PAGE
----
This game went on to have the most dramatic ending of any NBA game this season, with Carmelo Anthony and Andrew Wiggins trading big buckets but the Twolves getting the win on the road.

 

NBA Three Things to Know: Sun sets on Earl Watson in Phoenix

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Every day in the NBA there is a lot to unpack, so every weekday morning throughout the season we will give you the three things you need to know from the last 24 hours in the NBA. This is what you missed on Sunday while wondering if oyster vending machines are a good idea. (They’re not.)

1) Eric Bledsoe Tweets he wants out, hours later it’s Earl Watson who is out, fired as Suns coach. The Suns are a bad team, one that lacked offensive cohesion and defensive effort. Phoenix was blown out by 48 points by the Trail Blazers in their first game, the worst opening night loss in NBA history. It was an ugly start to the season. How could things possibly get worse from there?

Well, how about the Suns get blown out by 42 points in the third game of the season, have their best player Tweet he “doesn’t want to be here” then turn around and fire the coach? That’s what happened, and Earl Watson is out in Phoenix.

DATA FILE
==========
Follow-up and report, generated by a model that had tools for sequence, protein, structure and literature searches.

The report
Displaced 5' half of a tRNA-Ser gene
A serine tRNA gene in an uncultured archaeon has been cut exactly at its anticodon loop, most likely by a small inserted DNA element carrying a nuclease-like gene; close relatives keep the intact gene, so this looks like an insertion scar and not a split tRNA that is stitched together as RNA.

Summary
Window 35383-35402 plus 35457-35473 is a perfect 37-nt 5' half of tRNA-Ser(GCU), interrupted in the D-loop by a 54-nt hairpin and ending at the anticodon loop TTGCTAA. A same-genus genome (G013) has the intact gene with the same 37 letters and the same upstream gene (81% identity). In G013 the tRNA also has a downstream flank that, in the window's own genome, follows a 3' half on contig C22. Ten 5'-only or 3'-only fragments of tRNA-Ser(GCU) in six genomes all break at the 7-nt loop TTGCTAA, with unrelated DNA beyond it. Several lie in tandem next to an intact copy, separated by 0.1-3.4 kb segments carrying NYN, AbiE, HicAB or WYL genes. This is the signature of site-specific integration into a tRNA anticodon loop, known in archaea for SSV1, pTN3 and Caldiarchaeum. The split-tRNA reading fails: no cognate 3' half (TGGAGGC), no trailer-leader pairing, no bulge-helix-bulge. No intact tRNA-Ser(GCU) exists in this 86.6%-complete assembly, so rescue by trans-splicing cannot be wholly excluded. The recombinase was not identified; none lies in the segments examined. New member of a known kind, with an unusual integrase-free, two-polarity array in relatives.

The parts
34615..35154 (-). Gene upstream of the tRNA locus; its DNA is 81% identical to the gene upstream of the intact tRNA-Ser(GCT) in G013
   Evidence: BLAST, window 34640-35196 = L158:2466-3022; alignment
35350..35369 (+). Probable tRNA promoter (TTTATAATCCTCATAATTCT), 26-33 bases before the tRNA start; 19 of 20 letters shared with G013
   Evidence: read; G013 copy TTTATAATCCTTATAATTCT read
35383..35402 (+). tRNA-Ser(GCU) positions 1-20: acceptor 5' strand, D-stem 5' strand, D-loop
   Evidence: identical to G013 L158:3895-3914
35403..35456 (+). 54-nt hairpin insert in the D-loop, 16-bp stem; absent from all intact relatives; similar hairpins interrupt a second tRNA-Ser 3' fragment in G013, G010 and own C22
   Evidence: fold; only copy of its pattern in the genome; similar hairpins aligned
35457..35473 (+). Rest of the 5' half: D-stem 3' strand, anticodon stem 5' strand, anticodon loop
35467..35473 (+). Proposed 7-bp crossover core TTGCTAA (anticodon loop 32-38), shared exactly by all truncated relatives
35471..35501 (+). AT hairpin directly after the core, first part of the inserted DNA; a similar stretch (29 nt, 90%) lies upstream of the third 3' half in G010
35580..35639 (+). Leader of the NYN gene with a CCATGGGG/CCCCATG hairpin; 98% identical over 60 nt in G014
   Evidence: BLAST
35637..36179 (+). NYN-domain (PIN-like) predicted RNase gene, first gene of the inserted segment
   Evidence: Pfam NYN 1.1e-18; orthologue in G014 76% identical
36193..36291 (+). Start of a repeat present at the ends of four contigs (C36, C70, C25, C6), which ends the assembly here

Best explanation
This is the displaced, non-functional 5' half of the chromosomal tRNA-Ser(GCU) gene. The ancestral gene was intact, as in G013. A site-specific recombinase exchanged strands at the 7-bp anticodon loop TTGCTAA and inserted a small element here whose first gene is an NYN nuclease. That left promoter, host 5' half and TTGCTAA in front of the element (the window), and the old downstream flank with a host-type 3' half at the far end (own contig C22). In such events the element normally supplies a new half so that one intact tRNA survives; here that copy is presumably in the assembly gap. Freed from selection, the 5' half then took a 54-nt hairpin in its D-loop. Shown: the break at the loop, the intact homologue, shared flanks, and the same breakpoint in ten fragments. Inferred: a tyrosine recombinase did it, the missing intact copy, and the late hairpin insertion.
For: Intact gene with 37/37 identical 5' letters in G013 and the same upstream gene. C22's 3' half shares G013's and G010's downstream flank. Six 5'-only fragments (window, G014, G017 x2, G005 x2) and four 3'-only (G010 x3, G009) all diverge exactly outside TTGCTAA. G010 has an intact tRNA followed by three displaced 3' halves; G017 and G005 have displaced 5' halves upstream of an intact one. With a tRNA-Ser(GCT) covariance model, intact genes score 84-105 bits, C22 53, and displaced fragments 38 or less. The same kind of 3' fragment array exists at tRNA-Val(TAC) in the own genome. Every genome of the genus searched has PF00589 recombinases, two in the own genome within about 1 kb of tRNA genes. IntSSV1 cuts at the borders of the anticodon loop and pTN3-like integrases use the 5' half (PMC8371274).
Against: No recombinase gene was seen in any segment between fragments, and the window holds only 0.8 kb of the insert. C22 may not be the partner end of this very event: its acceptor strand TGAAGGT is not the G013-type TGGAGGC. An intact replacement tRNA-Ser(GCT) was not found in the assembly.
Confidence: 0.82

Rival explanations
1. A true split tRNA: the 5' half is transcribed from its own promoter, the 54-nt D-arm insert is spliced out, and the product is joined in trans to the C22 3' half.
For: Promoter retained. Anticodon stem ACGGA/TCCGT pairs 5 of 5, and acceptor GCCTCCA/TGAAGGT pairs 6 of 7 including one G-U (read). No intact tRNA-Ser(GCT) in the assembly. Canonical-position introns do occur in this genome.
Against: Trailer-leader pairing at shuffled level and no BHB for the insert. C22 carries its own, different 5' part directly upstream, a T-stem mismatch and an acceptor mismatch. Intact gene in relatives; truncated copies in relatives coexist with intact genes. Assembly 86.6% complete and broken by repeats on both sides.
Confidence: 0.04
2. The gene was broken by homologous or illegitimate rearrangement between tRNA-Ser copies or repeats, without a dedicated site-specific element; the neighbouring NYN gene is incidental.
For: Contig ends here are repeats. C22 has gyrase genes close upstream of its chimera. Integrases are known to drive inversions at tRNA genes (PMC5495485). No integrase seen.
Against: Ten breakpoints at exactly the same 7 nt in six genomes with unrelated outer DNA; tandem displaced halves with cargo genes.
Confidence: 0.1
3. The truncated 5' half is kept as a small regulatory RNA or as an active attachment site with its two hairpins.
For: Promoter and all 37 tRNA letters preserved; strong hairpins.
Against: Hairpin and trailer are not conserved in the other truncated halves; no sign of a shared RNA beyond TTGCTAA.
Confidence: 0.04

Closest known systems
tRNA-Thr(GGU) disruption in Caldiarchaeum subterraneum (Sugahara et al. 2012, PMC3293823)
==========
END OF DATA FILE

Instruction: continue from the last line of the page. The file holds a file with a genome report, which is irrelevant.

Watson was 33-85 as the Suns head coach, but that record isn’t a fair way to judge him — Suns management made him sit Eric Bledsoe and Tyson Chandler to tank at the end of last season, much to Watson’s frustration. This is a young team this season that is not going to be good no matter who coached it. But Watson’s Suns didn’t seem to have a strong offensive identity, didn’t play hard on defense, and there were doubts about his ability to develop young talent. Watson took over as an interim coach after the Suns fired Jeff Hornacek, then he went an unimpressive 9-24 in that role. However, he preached love and togetherness at a time the franchise needed it, and the players loved him, so despite the record management decided to give him a shot as a guy who could develop talent. Watson and GM Ryan McDonough were notoriously rarely on the same page, but Robert Sarver is not the kind of owner who will pay a couple of coaches at once, and the players loved Watson, so he stayed. Then, Eric Bledsoe tweeted this.

I’m not saying the two things are directly related, but if Watson was losing the players, he had little left.